Orders of the Day — The Economy

Part of the debate – in the House of Commons at 5:50 pm on 28th November 1989.

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Photo of Mr Michael Grylls Mr Michael Grylls , Surrey North West 5:50 pm, 28th November 1989

The right hon. Member for Swansea, West (Mr. Williams) was a very distinguished and charming Labour Minister. He has made a very interesting speech, as we would have expected; he has been a friend of mine in the House for some time and I hope that he always will be. Although his historical analysis was right when he referred to the British disease of the 1970s, he was on dangerous ground when he carried his analysis through to the present day.

Some Opposition Front-Bench spokesmen, including the right hon. and learned Member for Monklands, East (Mr. Smith) today and the hon. Member for Dunfermline, East (Mr. Brown) in the debate on industry last week, have tried to decry what some people, although not I, have described as the British miracle. It was foolish to do that, and inaccurate.

It would be more accurate to refer to the changes that we can contrast today with the scene described by the right hon. Member for Swansea, West. Those changes have occurred not as a result of a miracle, but thanks to sensible and practical policies. Those policies have been followed in many other countries with great success over the years. However, somehow Britain failed to follow them in the decades before the 1980s.

We owe a great debt of gratitude to my right hon. and learned Friend the Leader of the House. When he was Chancellor of the Exchequer, he laid the foundation for the first conquering of inflation and for the many tax changes that he introduced on the supply side. Those have been important factors in strengthening the British economy.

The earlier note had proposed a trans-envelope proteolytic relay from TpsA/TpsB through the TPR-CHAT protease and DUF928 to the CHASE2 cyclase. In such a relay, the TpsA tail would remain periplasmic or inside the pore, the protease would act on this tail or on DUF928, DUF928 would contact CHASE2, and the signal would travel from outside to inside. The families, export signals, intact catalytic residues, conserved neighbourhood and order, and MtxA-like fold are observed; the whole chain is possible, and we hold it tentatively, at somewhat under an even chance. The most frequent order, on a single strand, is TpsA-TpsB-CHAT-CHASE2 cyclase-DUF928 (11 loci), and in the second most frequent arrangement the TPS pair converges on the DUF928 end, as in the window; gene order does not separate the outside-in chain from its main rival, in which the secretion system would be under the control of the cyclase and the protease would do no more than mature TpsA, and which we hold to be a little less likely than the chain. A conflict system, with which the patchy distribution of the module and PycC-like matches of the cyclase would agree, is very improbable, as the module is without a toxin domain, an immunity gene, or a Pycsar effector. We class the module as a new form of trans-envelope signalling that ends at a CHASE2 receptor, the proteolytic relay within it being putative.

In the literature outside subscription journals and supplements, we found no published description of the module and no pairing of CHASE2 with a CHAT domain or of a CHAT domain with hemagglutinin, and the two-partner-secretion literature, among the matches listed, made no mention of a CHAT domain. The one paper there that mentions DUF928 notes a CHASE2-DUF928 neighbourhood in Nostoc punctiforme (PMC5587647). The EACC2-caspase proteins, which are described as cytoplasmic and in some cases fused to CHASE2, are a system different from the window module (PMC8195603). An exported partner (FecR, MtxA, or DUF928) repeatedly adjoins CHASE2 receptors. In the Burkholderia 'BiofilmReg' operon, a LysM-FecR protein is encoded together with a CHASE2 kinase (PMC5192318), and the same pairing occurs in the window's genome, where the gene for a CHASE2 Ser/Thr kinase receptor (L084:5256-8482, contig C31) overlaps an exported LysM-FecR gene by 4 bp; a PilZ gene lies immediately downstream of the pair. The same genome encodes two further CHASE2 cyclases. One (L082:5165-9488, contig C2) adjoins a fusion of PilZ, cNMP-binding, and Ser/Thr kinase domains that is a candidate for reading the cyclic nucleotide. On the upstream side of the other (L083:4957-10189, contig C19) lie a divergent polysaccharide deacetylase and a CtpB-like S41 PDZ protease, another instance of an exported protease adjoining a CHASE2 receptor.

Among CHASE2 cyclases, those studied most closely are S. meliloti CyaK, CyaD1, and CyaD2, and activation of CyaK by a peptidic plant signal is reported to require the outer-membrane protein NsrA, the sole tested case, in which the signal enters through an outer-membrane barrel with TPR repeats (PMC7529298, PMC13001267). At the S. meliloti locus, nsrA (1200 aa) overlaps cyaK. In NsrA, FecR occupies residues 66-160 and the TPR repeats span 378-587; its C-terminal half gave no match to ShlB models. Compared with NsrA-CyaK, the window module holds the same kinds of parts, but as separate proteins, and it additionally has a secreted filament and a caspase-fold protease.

I know that this is a partisan debate; that is normal, and probably right. However, it does not do the debate any good for the Opposition to decry any or all of the Government's achievements. Perhaps people do not want to give the Government credit, because that is not within the partisan mood, but they should at least give credit to British industry, which has changed itself beyond recognition within the past 10 years. That does not mean that everything has been done, because there is plenty more to do. Perhaps there should be almost a bipartisan view about what needs to be done in future.

The right hon. Member for Swansea, West tried to accuse my right hon. and learned Friend the Leader of the House, a former Chancellor of the Exchequer, of squandering an inheritance. That is lunacy. The right hon. Gentleman is normally a very good debater, but such accusations do him no good.

We must consider the fact that British industry has quadrupled its productivity. It has doubled its profits, and 1,500 new firms are starting up every week. Before, we were losing small firms. There was a net loss, but there is now a net gain. That is the sign of a very successful economy.

No doubt Opposition Members would say that that is not enough, and I would agree. I want to see British industry double and treble those figures. However, if we continue the policies that we have pursued over the past 10 years, we are entitled to state that those figures will rise. Those figures have been achieved because the economy has been growing and we have made important supply side changes. There have been changes in taxation and unnecessary regulations have been removed to encourage entrepreneurs to get up and start new businesses.